There is nothing unusual or uncommon about countries and nations making bilateral or multilateral agreements on any matter concerning their survival, no matter what their intentions may be. Especially when you share a direct border like Indonesia and Papua New Guinea, which has been stained by decades of protracted war waged against Papuans.
Why now for defence pact?
However, what is particularly interesting and concerning about the development between these two countries is, why now is the time to discuss a defence agreement after all these years?
What are the objectives of this initiative? Is it to serve the imperial agenda of Beijing, the United States, Jakarta, or is it to safeguard and protect the island of New Guinea? What is the purpose of a defence agreement, who is protected and who from?
Exactly like the past 500 years, when European vultures circled the island of New Guinea and sliced it up into pieces, new vultures are now encroaching upon us as the global hegemonic power structure shifts from West to East.
Responding to these developments, James Marape warned that his country would not be caught up in a geopolitical standoff with the US, Australia, or China, saying the global powers should “keep your fights to yourselves”.
But does the prime minister have a choice in this matter? Does he have the power to stop war if or when it breaks out in the Pacific like the past?
Let‘s be honest and ask ourselves, when did Papuans from both sides of this imaginary line have the power to say no to all kinds of brutal, exploitative behaviour exhibited by foreign powers?
From World War I to II, then to Pacific nuclear testing, and to foreign international bandits currently exploiting papua New Guinea’s natural resources?
Brutality of Indonesia
Since its independence, when has the PNG government been able to halt the brutality and onslaught of the Indonesians against their own people on the other side of these imaginary lines?
Why does PNG’s foreign affairs minister sit in Jakarta negotiating a defence deal with an entity that threatens to annihilate West Papuans, after he himself conveyed a heartfelt message to them on December 1?
Can both the prime minister and the foreign affairs minister avoid being caught in the middle of a looming war as the Pacific becomes yet another gift for strategic war space between the Imperial West and the Imperial East?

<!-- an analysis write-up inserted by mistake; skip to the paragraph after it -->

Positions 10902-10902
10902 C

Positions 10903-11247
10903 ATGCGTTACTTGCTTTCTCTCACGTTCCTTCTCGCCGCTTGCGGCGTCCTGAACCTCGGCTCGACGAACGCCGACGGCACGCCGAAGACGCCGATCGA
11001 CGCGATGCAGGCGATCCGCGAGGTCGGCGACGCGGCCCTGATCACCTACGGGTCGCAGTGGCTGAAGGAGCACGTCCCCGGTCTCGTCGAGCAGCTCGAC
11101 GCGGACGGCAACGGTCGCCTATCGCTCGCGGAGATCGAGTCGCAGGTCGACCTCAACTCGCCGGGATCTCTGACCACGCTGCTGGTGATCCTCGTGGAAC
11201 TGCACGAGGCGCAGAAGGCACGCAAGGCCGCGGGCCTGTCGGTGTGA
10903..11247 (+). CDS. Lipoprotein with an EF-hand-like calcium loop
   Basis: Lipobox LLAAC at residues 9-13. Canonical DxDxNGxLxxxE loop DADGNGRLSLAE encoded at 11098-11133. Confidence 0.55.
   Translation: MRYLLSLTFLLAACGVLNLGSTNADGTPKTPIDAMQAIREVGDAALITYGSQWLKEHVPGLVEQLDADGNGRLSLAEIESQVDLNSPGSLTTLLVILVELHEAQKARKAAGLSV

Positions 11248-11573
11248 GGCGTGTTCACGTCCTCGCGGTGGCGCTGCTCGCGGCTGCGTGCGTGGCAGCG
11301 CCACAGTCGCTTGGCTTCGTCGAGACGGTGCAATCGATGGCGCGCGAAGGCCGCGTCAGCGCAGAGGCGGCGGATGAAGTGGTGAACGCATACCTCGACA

Benny Wenda, an international icon for the liberation of West Papua, made the following statement on his Facebook page in response to the defence agreement: “Let’s not make this happen, please, our PNG brothers and sisters open your eyes! Can’t you see they’re trying to take over our ancestors Land.”
While the PNG government gambles on West Papua’s fate with Jakarta, West Papuans are marginalised, chased, or hunted by establishing unlawful settler colonial administrative divisions across the heartland of New Guinea and direct military operations.
As Wenda warned in his latest report, “mass displacements are occurring in every corner of West Papua”.
Whatever the philosophical approach underlying Papua New Guinea’s foreign policies in relation to West Papua’s fate — realist or idealist, traditional or transcendental — what matters most to West Papuans is whether they will survive under Indonesian settler colonialism over the next 20 years.
A reverse situation
What if the situation is reversed, where Papuans in PNG were being slaughtered by Australian settler colonial rule, while the government of West Papua continues to sneak out across the border to Canberra to keep making agreements that threaten to annihilate PNG?
Papuans face a serious existential threat under Indonesia settler colonial rule, and the PNG government must be very careful in its dealings with Jakarta. Every single visit and action taken by both Papua New Guinea and Indonesia will leave a permanent mark on the wounded soul of West Papua.
The only question is will these actions destroy Papuans or rescue them?
The government and people of Papua New Guinea must consider who their neighbours will be in 100 years from now. Will they be a majority of Muslim Indonesians or a majority of Christian West Papuans?
It is a critical existential question that will determine the fate of the island, country, nation, as well as languages, culture and existence itself in its entirety.
Will the government and the people of Papua New Guinea view West Papuans as their brothers and sisters and restructure their collective worldview in the spirit of Rapa’s words, “we are part of them, and they are part of us”, or will they continue to sign agreements and treaties with Jakarta and send their secret police and army to chase and threaten West Papuans seeking protection anywhere on New Guinea’s soil?
West Papua is bleeding. The last thing West Papua needs is for the PNG government apparatus and forces to harass and chase them as they seek refuge under your roof.
Papua New Guinea is not the enemy of West Papua; the enemy of PNG is not West Papua.
The enemies are those who divide the island into pieces, exploit its resources and sign defence agreements to further solidify imaginary lines while leaving its original custodians of the land stranded on the streets and slums like beggars.
Papuans have lived in this ancient and timeless land from Sorong to Samarai for thousands of years. The actions we take today will determine whether the descendants of these archaic autochthons will survive in the next thousands of years to come.
Yamin Kogoya is a West Papuan academic who has a Master of Applied Anthropology and Participatory Development from the Australian National University and who contributes to Asia Pacific Report. From the Lani tribe in the Papuan Highlands, he is currently living in Brisbane, Queensland, Australia.